House Members typically fall short in the presidential nomination process, and it's unclear whether Bachmann can attract support beyond Iowa. Sorenson claims she can, asserting that the Congresswoman is the only candidate solid on constitutional, fiscal and social issues and capable of drawing votes from all wings of the Republican Party. Other Republicans closely following the race, including GOP Sens. Kelly Ayotte (N.H.) and Jim DeMint (S.C.), suggested that Bachmann still has much to prove.
Ayotte said Bachmann performed well in the debate. But the freshman Senator, who won a contested primary of her own just last year, said it is "too early to tell" whether Bachmann will catch on with New Hampshire voters. Independents can vote in the Granite State primary, but Ayotte told reporters her advice to Bachmann would be to focus on registered Republicans.
"Obviously the excitement's going to be on the Republican end, so if an independent's going to pick up a ballot, they're going to pick it up in the Republican primary, so that's going to help get independents into the primary," Ayotte said. "But you still have to focus, in the primary in New Hampshire, on the registered Republicans. Having just come through a contested primary myself, where obviously we hoped that independents would still come out and vote for me, our strategy was still on the registered Republicans that you know are going to be the stalwart voters."
DeMint added that Bachmann can be competitive in South Carolina, which is dominated by social conservatives and national-security-minded Republicans. DeMint said he did not watch the debate.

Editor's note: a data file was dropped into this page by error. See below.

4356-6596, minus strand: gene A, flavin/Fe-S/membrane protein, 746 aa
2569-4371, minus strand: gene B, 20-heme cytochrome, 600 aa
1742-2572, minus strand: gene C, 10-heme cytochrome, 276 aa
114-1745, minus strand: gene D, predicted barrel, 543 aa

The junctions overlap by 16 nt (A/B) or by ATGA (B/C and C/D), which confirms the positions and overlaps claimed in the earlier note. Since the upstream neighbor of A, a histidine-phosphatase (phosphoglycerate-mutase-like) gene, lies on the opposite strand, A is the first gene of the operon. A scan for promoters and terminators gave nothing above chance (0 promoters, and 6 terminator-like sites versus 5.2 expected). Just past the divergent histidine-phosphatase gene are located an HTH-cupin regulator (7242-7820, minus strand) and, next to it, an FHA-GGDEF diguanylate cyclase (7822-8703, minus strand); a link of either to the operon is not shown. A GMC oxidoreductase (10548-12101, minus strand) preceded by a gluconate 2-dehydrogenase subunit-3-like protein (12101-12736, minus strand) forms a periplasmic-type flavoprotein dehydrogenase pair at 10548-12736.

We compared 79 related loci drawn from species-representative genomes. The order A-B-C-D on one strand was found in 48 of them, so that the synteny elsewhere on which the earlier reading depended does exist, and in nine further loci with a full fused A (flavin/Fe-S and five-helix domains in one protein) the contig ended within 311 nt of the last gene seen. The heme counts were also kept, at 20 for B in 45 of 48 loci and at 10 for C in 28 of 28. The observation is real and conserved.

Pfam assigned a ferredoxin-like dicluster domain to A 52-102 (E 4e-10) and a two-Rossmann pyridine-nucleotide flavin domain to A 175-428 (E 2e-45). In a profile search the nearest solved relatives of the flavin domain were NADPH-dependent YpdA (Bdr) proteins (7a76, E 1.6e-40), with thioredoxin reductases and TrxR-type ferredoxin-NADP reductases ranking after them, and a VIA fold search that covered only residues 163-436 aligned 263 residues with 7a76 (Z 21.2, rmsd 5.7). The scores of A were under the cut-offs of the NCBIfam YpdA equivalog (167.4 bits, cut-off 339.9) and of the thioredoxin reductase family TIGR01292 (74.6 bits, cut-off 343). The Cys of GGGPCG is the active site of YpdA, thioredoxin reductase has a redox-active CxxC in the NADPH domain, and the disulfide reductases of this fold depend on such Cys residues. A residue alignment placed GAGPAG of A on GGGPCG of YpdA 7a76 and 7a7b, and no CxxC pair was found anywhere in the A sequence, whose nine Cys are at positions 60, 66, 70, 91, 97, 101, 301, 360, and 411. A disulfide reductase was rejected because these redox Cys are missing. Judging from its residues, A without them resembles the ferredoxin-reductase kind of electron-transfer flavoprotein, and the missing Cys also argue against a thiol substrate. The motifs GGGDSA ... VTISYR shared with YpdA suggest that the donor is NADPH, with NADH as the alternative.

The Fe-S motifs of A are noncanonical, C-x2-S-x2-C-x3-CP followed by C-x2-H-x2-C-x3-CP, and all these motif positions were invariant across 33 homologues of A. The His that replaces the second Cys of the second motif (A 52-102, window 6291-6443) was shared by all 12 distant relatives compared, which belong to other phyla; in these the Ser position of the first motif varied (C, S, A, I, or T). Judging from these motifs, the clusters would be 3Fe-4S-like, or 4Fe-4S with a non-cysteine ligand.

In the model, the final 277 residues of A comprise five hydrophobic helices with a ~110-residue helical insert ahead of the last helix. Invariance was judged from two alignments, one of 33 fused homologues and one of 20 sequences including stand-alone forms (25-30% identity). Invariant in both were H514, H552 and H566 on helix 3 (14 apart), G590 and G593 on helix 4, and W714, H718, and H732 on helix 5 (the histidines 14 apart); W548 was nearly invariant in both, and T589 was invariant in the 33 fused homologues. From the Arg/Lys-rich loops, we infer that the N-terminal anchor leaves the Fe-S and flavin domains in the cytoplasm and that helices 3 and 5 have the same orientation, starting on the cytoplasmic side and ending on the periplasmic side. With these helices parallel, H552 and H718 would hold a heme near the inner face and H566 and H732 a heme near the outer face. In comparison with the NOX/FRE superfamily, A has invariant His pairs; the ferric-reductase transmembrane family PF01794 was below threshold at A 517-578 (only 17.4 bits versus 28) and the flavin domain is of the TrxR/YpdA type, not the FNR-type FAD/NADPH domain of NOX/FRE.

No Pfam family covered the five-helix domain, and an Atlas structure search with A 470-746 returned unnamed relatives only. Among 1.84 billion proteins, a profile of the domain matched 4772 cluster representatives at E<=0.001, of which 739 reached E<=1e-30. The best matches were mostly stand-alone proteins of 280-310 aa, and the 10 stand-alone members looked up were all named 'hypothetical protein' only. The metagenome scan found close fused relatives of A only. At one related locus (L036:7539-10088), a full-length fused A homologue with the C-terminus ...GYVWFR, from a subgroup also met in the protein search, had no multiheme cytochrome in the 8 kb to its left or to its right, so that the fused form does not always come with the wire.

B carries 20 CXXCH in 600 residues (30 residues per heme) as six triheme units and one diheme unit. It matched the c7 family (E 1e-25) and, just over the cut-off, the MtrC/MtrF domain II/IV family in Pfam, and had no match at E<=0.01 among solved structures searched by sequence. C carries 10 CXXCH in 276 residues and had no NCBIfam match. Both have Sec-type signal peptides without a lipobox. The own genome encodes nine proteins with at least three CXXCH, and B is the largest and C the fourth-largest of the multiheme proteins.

"She's an impressive person; she's well-read," said DeMint, who is influential among some tea party conservatives. "She's a full-spectrum conservative. She's right in the right place on social issues, economic issues, defense issues. So, I think she's gong to be in the game."
Republican strategists are split on what Bachmann's strong first debate portends for her campaign.
One GOP operative, who worked for a 2008 candidate but is currently unaffiliated, said Bachmann performed well and that her personal charisma and strong appeal with conservative voters was on display. But this individual said her success and formal entrance into the race brings with it a scrutiny that could "magnify" her inexperience on the presidential stage and any mistakes she might make.
A second Republican operative said Bachmann's high marks are simply the result of incredibly low expectations for a politician known in Washington, D.C., as undisciplined and erratic. Bachmann is well-known on Capitol Hill for having trouble holding on to senior staff, although supporters say critics and the media have overblown those problems.
"Some pundits are saying she exceeded expectations. Well, they were pretty low," the operative said. "She is nothing more than Sarah Palin. The veneer will wear off when they scratch the surface a little more."
Vice President Joe Biden waits to conduct a mock swearing-in ceremony with Sen. Brian Schatz, D-Hawaii, in the Capitol's Old Senate Chamber, December 2, 2014. Schatz was sworn in to serve the remainder of his term since he was appointed to the seat after Sen. Daniel Inouye, D-Hawaii, passed away.